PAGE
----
French Twist. How Marine Le Pen quietly became the left-wing candidate in the French elections. By Fred Siegel
The new political climate generated by breakneck globalization, aggressive political correctness, and elite arrogance is so turbulent that pollsters have repeatedly failed to see what’s coming. They got last year’s Israeli elections wrong. Same with the Colombian referendum on peace negotiations with the narcoguerillas. They missed the boat on Brexit and the American presidential elections. In France, they failed to see that former prime minister François Fillon would win the race to become the conservative party’s candidate in April’s presidential election. A social conservative with liberal economic views, Fillon scrambles our notions of Left and Right. He represents an alignment unseen since the 1840s.
But it’s not just the pollsters who’ve missed the changing tides. The largely unknown Jean-Claude Juncker of Luxembourg, who became a figure of fun during the run up to the Brexit vote, is the president of the European Commission—the bureaucratic body that largely governs Europe on behalf of its elites. Like Nancy Pelosi and the shrinking band of House Democrats, the aptly named Juncker is doubling down on policies that have produced failure. Juncker told an Austrian newspaper that there would be no letup on federalizing Europe; there will be no national opt-outs from the stagnation economics administered from Brussels.
The common thread of all these electoral “upsets” is that the voters seem to have tilted rightward. But that assumes that the mental geography mapping Left and Right still makes sense. The very terms “left” and “right” derive from the early stages of the French Revolution. The seating in the first National Assembly as viewed from the speaker’s podium placed the proponents of a new, supposedly more rational France to the left of the podium. On the right were those—often Catholics—who wanted, it was claimed, to cling to aristocratic tradition. It was a passing moment of political and ideological clarity. By the time the enlightened despot Napoleon Bonaparte crowned himself king in 1804, the terms had become, as they continue to be today, hopelessly confused. The great Catholic liberal Chateaubriand was forced to align himself with the Bourbon monarchy because he saw it, compared with Napoleon, as the lesser threat to liberty.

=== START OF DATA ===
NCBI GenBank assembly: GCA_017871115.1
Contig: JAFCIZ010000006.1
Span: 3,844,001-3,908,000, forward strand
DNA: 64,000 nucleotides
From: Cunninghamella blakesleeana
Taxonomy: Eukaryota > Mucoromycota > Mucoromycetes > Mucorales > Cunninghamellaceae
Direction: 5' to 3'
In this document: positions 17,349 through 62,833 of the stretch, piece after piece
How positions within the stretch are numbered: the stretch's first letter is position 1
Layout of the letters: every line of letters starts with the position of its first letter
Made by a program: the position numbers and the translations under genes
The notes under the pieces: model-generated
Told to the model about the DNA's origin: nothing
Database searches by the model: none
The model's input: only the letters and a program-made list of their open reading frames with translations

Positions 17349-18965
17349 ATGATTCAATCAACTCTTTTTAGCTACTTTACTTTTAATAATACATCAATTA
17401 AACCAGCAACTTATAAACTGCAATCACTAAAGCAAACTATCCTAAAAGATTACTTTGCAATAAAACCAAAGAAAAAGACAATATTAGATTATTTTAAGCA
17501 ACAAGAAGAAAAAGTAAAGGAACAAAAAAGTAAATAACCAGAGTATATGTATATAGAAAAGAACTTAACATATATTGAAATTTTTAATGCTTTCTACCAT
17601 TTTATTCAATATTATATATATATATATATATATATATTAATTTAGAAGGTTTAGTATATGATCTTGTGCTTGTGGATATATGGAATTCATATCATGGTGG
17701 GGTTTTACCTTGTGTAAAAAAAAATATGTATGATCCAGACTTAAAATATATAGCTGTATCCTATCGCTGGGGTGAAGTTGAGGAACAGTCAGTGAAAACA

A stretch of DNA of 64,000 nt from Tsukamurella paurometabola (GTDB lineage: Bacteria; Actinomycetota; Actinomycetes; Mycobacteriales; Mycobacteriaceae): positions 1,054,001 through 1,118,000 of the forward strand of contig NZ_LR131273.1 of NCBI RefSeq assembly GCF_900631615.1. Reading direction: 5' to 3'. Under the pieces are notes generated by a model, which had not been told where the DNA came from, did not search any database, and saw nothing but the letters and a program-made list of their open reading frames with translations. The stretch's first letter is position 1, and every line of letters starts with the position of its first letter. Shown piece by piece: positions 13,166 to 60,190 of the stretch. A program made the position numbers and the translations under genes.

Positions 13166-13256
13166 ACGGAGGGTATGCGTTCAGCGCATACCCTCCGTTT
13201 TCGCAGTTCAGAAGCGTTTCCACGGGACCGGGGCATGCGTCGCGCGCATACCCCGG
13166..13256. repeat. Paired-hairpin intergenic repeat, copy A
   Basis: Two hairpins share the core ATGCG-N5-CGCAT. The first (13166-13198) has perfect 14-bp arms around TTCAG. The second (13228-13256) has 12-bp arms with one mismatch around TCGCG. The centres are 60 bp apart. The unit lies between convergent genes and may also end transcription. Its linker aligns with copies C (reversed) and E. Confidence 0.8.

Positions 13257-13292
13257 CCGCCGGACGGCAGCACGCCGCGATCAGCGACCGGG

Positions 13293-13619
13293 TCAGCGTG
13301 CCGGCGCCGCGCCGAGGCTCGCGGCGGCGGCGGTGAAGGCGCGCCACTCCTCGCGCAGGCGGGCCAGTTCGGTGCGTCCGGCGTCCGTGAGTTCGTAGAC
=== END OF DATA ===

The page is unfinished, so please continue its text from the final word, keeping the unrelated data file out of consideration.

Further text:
Fillon has had neither predecessor nor precursor in the resolutely etatist France of the last 168 years. The last major figure with Fillon’s combination of liberal and conservative characteristics was the Anglophile François Guizot, who was prime minister when the revolution of 1848 ended the bourgeois monarchy of Louis Phillipe. Until now, Guizot, a great historian whose The History of Civilization in Europe sits a few feet from where I write, has had no heir. Fillon tells the French that he wants “to give the country its liberty back.” He promises to cut a half-million public-sector jobs, end the 35-hour work week, and reduce France’s corpulent 3,000 pages of labor regulations to a svelte 150. This would be a revolution, of sorts. Modern France has never gone through the free-market reforms that revived the British, Canadian, Swedish, and German economies. Government spending in France now represents 57 percent of the economy, and as in the U.S.—only worse—the free market has been strangled by out-of-control statism.